In the opening paragraph of 'The Mystery of Marie Rogêt', Edgar Allan Poe writes: 'There are few persons even among the calmest thinkers, who have not occasionally been startled into a vague yet thrillingly half-credence in the supernatural, by coincidences of so seemingly marvellous a character that, as mere coincidences, the intellect has been unable to receive them. Such sentiments - for the half-credences of which I speak have never the full force of thought - such sentiments are seldom thoroughly stifled unless by reference to the doctrine of chance, or, as it is technically termed, the Calculus of Probabilities. Now this Calculus is, in its essence, purely mathematical; and thus we have the anomaly of the most rigidly exact in science applied to the shadow and spirituality of the most intangible speculation'.
Of course, Poe was chiefly referring to the phenomenon that Chevalier C. Auguste Dupin, the mastermind behind the solutions to puzzles such as The Murders of the The Rue Morgue, scrutinised, analysed and broke down into pieces. But coincidences, if well used, can be and are the backbone of many great novels.
In 'The Night Watch', for instance, Sarah Water tells the story of four characters who are linked to one another by their experiences in wartime London. The way she weaves their personal stories together reminded me of Poe's words, only that in this instance this happenstance is more cause-and-effect than random, as there is a war going on and naturally people gravitate to wherever safety beckons.
'The Night Watch' is an interesting novel in that it uses reverse chronology. It travels from 1947 (first chapter) back through the heavy bombardments of 1944 (second part) to the end-of-the-world atmosphere of 1941 (final episode). Thus we meet the characters through the consequences of their actions, and journey back to what caused them.
The book opens with Kay, one of the main characters, being observed by Duncan - another leading personage - and the latter thinking her a left-over from the global conflict that has just finished. It is chiefly Kay's man's clothes and alertness that lead him to see her in this light. But it's not just Duncan who has this opinion of Kay; passersby, too, jeer at her appearance. Unfortunately they cannot read her thoughts, nor realise that it was during the war that her finest hour had come. Driving an ambulance through bombed-out streets, Kay became alive; she got to write the script of her own novel. Now, all she has left in her life are lonely walks through the very same streets whose devastation she witnessed first-hand and cinemas which she often enters halfway through the film.
The other two main characters that make up the leading quartet are Viv and Helen. The former is Duncan's devoted sister and the latter Kay's former girlfriend's lover. Viv is having an affair with a married man, Reggie, whilst Helen feels anxious about her own relationship with Julia, Kay's ex.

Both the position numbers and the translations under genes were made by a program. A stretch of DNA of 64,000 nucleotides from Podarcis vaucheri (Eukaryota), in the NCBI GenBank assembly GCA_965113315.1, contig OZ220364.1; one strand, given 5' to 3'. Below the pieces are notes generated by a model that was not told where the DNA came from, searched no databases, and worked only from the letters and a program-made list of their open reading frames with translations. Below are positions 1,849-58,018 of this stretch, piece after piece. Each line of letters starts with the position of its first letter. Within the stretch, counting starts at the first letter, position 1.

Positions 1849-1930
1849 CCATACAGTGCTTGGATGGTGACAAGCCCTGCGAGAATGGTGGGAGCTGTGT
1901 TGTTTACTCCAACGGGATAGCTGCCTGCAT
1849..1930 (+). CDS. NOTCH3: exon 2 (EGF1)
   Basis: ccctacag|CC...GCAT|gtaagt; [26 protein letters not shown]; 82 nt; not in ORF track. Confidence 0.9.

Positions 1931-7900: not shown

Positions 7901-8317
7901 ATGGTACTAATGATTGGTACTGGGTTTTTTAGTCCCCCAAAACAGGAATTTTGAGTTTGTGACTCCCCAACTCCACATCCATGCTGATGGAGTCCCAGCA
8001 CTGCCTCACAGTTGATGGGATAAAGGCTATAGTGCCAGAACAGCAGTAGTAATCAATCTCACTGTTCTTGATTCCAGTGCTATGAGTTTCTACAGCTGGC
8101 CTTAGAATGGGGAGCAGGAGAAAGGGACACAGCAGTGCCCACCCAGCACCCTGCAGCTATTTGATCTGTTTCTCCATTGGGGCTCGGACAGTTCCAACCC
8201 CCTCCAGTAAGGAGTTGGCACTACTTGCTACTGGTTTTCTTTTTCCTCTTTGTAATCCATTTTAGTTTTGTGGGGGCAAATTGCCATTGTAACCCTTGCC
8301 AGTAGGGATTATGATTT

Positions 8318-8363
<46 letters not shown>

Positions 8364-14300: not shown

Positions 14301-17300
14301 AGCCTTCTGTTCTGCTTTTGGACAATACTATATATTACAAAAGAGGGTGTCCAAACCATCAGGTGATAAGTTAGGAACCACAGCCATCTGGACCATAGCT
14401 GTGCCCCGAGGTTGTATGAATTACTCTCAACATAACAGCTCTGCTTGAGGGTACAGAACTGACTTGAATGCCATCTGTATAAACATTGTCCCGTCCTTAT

Waters's chaotic narrative is an excellent vehicle through which to witness the sense of dislocation of both the leading and supporting dramatis personae. Through Duncan we are introduced to Mr Mundy, an enigmatic 'uncle', who turns out to be a former warden in the prison where Duncan served time for his role in another man's death. Each incident, no matter how minute, is turned into a piece of the gigantic jigsaw puzzle Sarah has made for the reader. At times, 'The Night Watch' reads like a mystery novel; revelation after revelation lets us know how each character's frame of mind came to be.
It would be simplistic to call this book a gay novel, although the narrative centres around the Kay/Julia/Helen emotional hodgepodge. And Duncan's sexuality is also remarked upon. But 'The Night Watch' goes beyond sexual orientation. It is about class - Fraser, the posh man vs Duncan, the working-class one -, friendship (Mickey and Kay driving an ambulance through war-torn London) and above all about moral attitudes. Viv's abortion scene is harrowing; the secrecy surrounding it all the more unbearable to read when one takes into consideration that in 1947, in the UK, a woman interrupting her own pregnancy ran the risk of being prosecuted. Helen's desire to hold Julia's hand in a park and the latter's reluctance and fear to display any kind of feelings towards her girlfriend, shows how far the gay community has come since the Sexual Offenses Act was amended in the 60s and homosexuality decriminalised.
It felt somewhat strange, at least for me, to read a novel that is preceded by three others I have not read yet. It is almost like arriving at a dinner party as the dessert is being served. But Sarah Waters is a compelling writer. Passages like the following one (Duncan and Fraser in prison after another night air raid has finished and the latter winds up in the former's bed) render the novel its humane and affectionate nature: 'They moved closer together, not further apart. Duncan put up his arm and Fraser raised himself so that the arm could go beneath his head. They settled back into an embrace - as if it were nothing, as if it were easy; as if it weren't two boys, in a prison, in a city being blown and shot to bits; as if it were the most natural thing in the world.'
Next Post: 'Sunday Mornings: Coffee, Reflections and Music' to be published on Sunday 1st November at 10am (GMT)